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26

Rufous Songlark

(Cincloramphus mathewsi)
Alternative names: Alternate name(s): "Rufous-rumped Singing-lark", "Singing Lark*", "Skylark*"
Aboriginal name(s): "yedjoolop*" (WA)

Size: 19 cm (male), 16 cm (female) [averages]
Weight: 29 g (average)

Similar species

Description     Classification     Distribution     Sightings     Photos     Breeding     Nest     Eggs     Behaviour     Food     Call/s

Physical description

Click here for a physical description

Taxonomy, classification

See Rufous Songlark at Wikipedia .

Range, habitat, finding this species

Click here for information on habitat and range

Sightings

Click here for sighting information

Photos

ADULT

MALE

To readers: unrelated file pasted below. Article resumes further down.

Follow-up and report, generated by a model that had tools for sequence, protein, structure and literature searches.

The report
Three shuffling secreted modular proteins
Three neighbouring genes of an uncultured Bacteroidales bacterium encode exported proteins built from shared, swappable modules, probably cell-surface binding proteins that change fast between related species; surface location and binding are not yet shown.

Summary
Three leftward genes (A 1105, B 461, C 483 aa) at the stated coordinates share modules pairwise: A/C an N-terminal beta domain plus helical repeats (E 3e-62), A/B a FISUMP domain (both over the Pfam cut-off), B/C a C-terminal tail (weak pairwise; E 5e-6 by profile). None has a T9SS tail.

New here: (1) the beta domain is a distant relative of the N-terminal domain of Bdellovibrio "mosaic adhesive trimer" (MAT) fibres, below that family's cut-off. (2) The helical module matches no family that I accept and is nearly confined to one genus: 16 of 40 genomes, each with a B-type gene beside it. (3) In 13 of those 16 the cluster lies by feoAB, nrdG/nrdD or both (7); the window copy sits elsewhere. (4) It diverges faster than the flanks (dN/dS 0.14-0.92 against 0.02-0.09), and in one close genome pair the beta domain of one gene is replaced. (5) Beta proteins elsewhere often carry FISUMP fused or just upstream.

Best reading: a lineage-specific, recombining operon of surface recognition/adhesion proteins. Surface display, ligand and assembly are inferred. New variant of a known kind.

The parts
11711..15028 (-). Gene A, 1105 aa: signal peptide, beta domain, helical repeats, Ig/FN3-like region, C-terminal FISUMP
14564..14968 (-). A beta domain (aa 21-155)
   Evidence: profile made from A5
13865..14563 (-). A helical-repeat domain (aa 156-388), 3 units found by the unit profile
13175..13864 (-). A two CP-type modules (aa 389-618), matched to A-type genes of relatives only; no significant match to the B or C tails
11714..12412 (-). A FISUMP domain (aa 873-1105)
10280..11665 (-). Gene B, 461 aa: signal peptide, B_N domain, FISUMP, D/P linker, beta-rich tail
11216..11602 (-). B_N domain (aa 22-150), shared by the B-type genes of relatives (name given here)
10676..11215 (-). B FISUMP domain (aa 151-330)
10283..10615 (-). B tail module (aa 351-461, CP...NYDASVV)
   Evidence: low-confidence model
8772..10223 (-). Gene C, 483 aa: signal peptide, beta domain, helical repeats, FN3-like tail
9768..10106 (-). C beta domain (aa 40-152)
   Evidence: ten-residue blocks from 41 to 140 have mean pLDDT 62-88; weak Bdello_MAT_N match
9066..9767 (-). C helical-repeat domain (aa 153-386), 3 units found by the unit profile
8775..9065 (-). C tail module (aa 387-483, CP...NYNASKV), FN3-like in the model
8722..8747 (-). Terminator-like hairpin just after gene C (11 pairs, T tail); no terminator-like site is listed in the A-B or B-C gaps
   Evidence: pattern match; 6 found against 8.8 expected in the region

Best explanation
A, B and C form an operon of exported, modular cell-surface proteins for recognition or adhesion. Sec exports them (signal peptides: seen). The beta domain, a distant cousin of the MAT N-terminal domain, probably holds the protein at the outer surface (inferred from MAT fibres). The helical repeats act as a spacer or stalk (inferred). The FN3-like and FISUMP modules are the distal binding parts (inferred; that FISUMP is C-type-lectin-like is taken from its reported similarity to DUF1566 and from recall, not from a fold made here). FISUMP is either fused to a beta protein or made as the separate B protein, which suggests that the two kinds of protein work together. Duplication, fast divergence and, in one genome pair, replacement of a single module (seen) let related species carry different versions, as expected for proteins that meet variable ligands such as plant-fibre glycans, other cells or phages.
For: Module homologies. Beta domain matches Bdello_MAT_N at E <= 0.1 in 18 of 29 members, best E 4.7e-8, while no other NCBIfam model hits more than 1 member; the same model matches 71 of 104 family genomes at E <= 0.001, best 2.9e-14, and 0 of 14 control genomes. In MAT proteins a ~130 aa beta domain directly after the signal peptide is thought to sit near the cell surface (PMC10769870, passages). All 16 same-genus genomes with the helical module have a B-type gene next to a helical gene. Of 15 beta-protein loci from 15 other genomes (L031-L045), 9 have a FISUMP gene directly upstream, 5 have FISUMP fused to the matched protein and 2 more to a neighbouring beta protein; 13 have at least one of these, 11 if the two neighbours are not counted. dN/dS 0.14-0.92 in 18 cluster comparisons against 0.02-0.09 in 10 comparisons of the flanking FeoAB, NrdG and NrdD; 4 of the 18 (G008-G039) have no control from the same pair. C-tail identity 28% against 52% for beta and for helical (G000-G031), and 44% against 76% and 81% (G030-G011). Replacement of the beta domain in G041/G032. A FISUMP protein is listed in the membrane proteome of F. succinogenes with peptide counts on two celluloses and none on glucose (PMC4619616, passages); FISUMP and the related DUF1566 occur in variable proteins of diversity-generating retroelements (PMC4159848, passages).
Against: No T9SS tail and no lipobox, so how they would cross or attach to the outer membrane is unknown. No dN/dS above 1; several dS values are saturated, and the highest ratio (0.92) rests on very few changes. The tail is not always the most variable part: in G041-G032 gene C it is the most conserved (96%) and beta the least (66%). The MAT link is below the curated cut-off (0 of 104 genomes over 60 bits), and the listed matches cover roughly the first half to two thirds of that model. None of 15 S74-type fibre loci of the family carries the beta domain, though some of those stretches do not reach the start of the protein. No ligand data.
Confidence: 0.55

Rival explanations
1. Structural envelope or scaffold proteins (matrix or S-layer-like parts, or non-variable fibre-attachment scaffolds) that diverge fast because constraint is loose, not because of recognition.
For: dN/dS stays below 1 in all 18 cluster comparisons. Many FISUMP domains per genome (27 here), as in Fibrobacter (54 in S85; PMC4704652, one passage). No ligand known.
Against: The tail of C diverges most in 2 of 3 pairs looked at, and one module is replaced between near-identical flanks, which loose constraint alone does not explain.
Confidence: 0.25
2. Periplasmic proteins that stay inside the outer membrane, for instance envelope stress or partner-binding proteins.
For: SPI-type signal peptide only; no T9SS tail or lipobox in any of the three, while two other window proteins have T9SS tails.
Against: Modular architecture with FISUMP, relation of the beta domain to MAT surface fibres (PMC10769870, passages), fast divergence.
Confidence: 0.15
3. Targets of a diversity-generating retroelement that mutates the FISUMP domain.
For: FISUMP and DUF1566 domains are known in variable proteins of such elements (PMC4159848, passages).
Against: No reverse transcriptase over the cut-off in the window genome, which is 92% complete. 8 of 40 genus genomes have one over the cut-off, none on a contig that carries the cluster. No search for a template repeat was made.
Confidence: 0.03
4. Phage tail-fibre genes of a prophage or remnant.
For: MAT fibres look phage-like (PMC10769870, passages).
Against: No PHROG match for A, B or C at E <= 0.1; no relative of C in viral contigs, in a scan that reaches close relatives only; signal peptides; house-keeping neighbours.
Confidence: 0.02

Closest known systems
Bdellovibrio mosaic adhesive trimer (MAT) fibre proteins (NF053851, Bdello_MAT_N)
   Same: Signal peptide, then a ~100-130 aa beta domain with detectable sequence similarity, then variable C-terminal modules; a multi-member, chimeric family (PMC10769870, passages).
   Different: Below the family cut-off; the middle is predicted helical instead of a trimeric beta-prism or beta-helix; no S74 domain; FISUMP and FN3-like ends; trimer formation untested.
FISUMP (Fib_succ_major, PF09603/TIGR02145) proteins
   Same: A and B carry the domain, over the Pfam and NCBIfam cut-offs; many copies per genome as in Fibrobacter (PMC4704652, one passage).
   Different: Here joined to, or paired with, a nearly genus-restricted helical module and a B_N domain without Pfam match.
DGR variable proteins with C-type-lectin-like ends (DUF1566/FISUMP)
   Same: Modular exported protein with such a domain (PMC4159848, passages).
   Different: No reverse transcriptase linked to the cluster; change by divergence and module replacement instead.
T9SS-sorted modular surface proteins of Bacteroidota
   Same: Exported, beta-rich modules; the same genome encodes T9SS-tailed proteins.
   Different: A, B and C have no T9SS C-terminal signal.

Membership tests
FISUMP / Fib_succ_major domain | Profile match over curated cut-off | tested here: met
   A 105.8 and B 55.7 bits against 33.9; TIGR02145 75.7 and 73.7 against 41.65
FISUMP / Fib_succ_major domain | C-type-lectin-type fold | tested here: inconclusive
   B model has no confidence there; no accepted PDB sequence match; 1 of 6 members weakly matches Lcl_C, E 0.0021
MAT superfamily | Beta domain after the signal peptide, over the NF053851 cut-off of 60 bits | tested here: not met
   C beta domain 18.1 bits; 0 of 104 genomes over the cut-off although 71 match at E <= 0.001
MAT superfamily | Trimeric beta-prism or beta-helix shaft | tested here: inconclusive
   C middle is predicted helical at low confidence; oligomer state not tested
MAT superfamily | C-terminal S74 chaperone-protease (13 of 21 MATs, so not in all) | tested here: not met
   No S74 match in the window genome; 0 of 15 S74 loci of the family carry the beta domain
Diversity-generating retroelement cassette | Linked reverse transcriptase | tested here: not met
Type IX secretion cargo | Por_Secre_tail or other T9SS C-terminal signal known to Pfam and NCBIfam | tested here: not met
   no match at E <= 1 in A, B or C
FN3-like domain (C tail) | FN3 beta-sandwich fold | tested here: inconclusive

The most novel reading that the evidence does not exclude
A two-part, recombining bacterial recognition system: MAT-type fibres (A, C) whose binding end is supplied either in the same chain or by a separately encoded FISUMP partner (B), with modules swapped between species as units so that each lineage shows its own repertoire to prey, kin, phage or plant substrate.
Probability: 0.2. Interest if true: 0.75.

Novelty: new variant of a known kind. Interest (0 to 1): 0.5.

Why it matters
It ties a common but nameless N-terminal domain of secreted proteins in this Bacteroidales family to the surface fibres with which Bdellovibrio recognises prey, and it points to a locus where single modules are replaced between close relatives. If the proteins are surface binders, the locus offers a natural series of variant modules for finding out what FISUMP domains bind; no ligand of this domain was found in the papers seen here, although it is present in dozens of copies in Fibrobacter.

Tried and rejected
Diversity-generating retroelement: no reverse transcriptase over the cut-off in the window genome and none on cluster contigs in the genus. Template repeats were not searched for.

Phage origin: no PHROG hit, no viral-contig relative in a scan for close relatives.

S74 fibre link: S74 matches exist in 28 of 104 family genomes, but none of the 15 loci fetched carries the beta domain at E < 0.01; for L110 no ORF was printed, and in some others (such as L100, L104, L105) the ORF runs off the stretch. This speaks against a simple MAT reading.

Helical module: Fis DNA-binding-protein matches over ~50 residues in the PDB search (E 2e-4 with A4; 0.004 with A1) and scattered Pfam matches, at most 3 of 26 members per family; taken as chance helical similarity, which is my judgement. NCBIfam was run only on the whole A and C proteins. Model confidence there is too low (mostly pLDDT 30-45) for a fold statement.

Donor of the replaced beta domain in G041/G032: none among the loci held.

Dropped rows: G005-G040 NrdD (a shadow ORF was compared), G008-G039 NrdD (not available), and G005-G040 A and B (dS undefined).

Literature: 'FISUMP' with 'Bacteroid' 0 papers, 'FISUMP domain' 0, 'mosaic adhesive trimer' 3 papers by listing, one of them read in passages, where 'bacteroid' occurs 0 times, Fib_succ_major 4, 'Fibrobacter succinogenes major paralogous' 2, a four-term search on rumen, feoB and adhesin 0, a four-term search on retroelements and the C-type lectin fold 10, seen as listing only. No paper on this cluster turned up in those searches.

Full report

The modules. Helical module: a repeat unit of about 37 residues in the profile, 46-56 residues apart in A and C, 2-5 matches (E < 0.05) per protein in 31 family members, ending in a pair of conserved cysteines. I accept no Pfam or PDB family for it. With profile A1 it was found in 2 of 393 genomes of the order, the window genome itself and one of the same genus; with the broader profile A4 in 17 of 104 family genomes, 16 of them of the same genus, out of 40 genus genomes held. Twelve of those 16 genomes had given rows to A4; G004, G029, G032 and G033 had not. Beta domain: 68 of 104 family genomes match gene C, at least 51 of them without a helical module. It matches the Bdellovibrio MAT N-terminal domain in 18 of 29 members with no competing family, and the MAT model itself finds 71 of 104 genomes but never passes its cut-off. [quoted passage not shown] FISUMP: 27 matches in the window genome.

Frontal view of a male Rufous Songlark in a treetop; note the greyish appearance in harsh light
[Eulah Creek, NSW, September 2007]

Frontal view of a male Rufous Songlark; note the brownish appearance in mellow light (photo courtesy of J. Greaves)
[Boolardy Station, Murchison, WA, August 2016]

Near-frontal view of a male Rufous Songlark on an old fencepost (photo courtesy of R. Plumtree)
[Spring Gully Road, North Ensay, East Gippsland, VIC, January 2014]

Near-dorsal view of a male Rufous Songlark; note the greyish appearance in bad light (photo courtesy of J. Greaves)
[Boolardy Station, Murchison, WA, August 2016]

Dorsal view of a male Rufous Songlark
[20 km South of Narrabri, NSW, November 2006]

Dorsal view of a Rufous Songlark hiding in the underbrush of open woodland